Tips for Repotting Your Houseplant
When your plant’s roots fill its container and begin growing out the bottom – it is time to repot and provide more growing space.
If you are wondering what size the new pot should be, a good rule of thumb is to choose a pot one to two sizes larger than your current one. For example, if you have a five-inch pot, pick up one that is six or seven inches. Why not just step up to a much larger pot and save interim repotting, you ask? A pot that is too large can cause problems. The extra space will accommodate excess soil, which will hold more water than the roots can absorb. This encourages root rot. (Did you know that the most common cause of houseplant demise is over-watering?)
The next important question to answer is W\what kind of pot you should choose. Most pots are made of clay, ceramic, plastic, or metal. Here are some of the pros and cons of each.
Though breakable, pots made of clay provide excellent aeration for the roots, which is essential for some plants, such as orchids. The containers’ porous walls absorb and release moisture, helping to avoid over-watering issues.
Because the pots’ surfaces release moisture, clay containers dry out quickly. You will need to water plants in terracotta more often than those in other types of pots. All this watering necessitates drainage holes in the bottom; make sure the pots you choose have these.
Ceramic pots typically have a glazed surface, and this thin layer of glass keeps water from evaporating through the sides. Because of this, plants in glazed ceramic pots need to be watered less frequently than those in terracotta ones.
Ceramic containers, especially large ones, can be quite heavy. One way to manage ceramic containers is to plant in a plastic liner pot and slip that inside the ceramic. Should you need to move your plants from one window to another seasonally, the liner approach lets you move the two pieces separately, which breaks up the heavy load.
The increasingly popular plastic containers are cheaper and lighter than clay or ceramic pots. With much less porous walls, plastic pots cut down the watering needs and are unlikely to crack or split if left outside in cold weather. Another reason for the popularity is the pots are available in a wide range of colors, shapes, and sizes, which is certainly fun.
Plastic is a much less sturdy material than clay, ceramic or metal and thus a plastic pot may only last a season or two. Plus, it is no secret that the production of plastic can have harmful effects on the environment, not to mention the potential chemicals found in the plastic itself. This is especially important to consider if growing edibles in your plastic planter.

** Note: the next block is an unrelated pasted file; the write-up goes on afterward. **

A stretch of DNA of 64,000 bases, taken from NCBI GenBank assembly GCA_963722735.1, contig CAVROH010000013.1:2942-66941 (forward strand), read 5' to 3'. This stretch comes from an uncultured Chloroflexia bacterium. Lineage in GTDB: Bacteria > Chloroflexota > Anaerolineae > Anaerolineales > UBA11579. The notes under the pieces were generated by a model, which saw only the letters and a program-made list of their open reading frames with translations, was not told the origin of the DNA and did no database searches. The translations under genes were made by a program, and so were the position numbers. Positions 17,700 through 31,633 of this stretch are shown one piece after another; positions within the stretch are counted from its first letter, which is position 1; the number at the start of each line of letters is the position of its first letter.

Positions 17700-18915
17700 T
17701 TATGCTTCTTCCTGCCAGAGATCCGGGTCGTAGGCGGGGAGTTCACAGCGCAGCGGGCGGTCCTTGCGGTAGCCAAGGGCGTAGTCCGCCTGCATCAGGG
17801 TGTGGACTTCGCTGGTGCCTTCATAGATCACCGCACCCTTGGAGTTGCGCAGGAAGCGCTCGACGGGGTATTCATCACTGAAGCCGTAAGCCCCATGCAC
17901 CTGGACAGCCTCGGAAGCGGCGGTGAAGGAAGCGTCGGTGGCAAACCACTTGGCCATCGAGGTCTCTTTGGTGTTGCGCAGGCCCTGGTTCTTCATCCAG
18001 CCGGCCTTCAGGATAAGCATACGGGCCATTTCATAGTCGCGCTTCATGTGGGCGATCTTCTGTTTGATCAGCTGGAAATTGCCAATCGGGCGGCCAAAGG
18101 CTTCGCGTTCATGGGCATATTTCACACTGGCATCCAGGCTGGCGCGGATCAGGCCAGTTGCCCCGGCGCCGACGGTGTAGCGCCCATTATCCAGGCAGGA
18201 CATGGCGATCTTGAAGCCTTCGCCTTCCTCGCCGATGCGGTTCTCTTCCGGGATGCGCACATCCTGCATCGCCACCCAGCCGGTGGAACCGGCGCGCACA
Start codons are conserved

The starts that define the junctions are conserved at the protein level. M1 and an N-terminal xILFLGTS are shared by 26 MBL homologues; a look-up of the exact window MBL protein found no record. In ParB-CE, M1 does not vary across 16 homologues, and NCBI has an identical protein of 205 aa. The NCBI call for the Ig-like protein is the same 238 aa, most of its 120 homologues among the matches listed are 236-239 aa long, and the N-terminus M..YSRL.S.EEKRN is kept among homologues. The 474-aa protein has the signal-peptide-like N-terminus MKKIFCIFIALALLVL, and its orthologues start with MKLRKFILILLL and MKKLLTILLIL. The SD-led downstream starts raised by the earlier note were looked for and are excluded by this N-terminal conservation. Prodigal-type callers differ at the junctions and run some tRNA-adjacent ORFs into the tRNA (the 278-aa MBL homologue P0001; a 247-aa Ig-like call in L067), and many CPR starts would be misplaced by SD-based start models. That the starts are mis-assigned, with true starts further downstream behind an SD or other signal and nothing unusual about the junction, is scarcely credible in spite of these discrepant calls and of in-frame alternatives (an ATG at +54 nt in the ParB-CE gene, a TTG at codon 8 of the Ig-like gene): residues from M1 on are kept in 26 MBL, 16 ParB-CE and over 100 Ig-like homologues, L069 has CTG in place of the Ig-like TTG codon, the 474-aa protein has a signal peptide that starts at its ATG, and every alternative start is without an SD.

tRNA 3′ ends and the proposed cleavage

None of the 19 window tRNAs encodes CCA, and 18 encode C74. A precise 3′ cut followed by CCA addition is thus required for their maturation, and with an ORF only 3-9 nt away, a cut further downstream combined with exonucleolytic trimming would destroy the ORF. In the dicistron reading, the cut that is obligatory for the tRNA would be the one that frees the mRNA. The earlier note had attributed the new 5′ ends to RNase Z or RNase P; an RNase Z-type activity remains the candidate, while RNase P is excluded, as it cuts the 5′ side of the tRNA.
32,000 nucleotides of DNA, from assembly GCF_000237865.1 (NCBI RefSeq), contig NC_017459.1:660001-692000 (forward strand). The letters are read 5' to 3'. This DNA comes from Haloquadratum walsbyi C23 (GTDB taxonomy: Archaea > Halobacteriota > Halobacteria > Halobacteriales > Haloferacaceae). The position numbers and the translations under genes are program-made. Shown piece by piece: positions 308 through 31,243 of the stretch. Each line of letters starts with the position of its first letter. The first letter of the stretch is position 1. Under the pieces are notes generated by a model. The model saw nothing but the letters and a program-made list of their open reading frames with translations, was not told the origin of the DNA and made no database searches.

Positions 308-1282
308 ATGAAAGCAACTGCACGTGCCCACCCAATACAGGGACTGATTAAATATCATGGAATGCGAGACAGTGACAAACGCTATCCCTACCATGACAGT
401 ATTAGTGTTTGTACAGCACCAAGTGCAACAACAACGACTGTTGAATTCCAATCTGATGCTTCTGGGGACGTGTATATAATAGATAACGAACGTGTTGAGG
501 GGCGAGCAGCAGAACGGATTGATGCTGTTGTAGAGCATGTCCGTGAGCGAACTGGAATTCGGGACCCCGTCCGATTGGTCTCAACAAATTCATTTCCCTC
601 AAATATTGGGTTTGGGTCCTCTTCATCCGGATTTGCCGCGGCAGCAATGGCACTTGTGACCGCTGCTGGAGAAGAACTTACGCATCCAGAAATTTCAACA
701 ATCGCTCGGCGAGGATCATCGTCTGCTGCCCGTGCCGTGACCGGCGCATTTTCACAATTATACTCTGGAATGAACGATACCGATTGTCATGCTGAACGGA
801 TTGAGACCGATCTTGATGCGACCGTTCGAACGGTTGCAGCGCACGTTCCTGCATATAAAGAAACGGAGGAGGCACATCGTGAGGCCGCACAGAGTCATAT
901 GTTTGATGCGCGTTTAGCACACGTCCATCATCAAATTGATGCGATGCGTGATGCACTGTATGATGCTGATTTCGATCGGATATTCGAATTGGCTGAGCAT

Decorative metal pots offer attractive, lightweight options for houseplant containers without the weight of terra cotta or ceramic. Metal is also a very durable material, so a metal pot is likely to last multiple seasons if proper care is taken to reduce rust.
When placed in full sun, metal containers tend to overheat, cooking the soil and the roots that are growing near the sides of the pot. Not good. The best way to manage this is to plant in plastic and slip the plastic pot inside the metal one. When using a metal exterior pot, also known as a cachepot, be aware that the absence of a drainage hole can cause water to collect inside. Avoid letting this happen because standing water is likely to rot roots.
Choose a potting medium that offers a balance of good drainage and water retention properties. Plain garden soil usually is not ideal. It tends to pack down, leaving insufficient space for oxygen around roots. Choose potting soil instead.
Layer 1”- 2” of gravel or other drainage material in the bottom of the new pot. Cover that layer with potting soil.
To remove the plant from its current pot, hold the soil by covering it with one hand. Slip the base of the plant between your index/pointer finger and middle fingers. Gently turn the plant sideways- or upside down, if needed- and tap the edge of the container against a hard surface. Loosen and knock the plant out of the pot.
If the plant is root bound, unwind the circular and entwined roots. If it is impossible to untangle them, vertically cut them in several places, equidistant around the rootball and lightly loosen the bound roots. This is called “butterflying.”
Place the plant in the new pot with the soil line an inch below the pot rim. Add soil below if necessary and fill in around the sides of the plant. Do not add soil above the original soil line.
Settle the soil by gently tapping the pot against the side of a table or using your fingers to lightly press the soil. Never pack the soil tightly. Water well until excess water drains out of the pot.